- Measure to encourage growth to be unveiled
- The FOMC minutes made no mention of rate cuts
- Property market is in a worse condition than 2008
Sterling at a ten-week high as Bank officials reaffirm the “higher for longer” message
It was summer when the date for the statement was added to the Parliamentary calendar, and at that time Hunt stated that it was too early for cuts in taxation to be considered, given the state that the country’s fiscal affairs were in at the time.
Now, barely a few months later, the picture appears to have changed completely and Hunt has gone from agreeing that business taxes need to take priority to an apparent willingness to cut taxes across the board.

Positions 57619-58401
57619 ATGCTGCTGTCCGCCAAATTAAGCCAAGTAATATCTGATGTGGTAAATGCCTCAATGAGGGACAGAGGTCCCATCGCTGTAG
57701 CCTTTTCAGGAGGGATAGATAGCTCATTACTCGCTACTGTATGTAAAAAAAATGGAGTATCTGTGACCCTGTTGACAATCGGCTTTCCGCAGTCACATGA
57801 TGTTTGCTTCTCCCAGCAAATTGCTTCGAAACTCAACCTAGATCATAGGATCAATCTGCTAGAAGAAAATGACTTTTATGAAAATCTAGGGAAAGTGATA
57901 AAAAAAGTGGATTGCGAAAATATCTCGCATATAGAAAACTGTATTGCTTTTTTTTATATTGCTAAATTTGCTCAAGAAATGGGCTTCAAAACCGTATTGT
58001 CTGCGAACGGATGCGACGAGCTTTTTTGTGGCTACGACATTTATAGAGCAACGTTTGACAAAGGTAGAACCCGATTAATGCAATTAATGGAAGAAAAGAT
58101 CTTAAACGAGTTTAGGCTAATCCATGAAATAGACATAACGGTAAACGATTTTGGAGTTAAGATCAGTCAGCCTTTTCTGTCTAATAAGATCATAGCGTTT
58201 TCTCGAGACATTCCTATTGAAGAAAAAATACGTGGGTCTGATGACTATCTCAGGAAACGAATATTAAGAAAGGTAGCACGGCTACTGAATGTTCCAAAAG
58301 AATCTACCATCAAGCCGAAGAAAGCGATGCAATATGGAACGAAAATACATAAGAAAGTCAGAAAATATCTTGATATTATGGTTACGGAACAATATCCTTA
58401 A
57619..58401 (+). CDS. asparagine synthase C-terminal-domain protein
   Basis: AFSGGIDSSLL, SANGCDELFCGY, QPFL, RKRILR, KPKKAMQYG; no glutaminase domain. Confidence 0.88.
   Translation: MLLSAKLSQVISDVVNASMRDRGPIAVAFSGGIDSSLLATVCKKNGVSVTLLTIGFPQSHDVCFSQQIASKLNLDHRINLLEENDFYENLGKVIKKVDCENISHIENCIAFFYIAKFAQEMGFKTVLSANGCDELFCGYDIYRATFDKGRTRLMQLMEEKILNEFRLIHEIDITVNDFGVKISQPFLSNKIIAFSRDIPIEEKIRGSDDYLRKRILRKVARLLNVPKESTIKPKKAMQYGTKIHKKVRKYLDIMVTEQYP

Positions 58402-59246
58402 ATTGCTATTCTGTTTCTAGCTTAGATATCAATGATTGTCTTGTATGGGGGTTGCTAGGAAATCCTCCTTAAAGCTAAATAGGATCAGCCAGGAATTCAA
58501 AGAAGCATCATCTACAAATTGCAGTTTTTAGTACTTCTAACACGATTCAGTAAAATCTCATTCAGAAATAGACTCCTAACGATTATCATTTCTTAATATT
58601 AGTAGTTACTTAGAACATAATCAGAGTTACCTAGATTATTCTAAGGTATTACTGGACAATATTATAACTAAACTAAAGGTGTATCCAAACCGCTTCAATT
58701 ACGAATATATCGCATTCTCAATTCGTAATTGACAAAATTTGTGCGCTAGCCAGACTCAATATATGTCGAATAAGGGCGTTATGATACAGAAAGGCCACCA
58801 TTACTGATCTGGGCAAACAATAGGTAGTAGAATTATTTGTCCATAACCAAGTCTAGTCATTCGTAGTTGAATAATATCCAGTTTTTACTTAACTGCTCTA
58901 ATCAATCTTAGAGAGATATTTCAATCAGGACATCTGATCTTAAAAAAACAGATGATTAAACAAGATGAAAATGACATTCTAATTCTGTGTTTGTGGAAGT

While lower taxes will be welcomed by the City, there is a concern about what compromises will need to take place to provide the funding necessary for the cuts to be made.
The country is crying out for investment in business to grow.
Deputy Bank of England Governor, Dave Ramsden, spoke yesterday of the “chilling” effect that Brexit has had on investment, diverting businesses’ attention to the red tape that has been introduced when leaving the European Union was supposed to lessen bureaucracy.
Ramsden believes that there is no doubt that Brexit has caused the rate of economic growth to fall compared to the period immediately prior to it taking place.
The Chancellors’ making permanent the Bill allowing firms to fully expense investment in plant, machinery and tech against their corporation tax liability is to be welcomed since it will take the pressure off firm’s ability to throw off the shackles of funding concerns to upgrade their operations.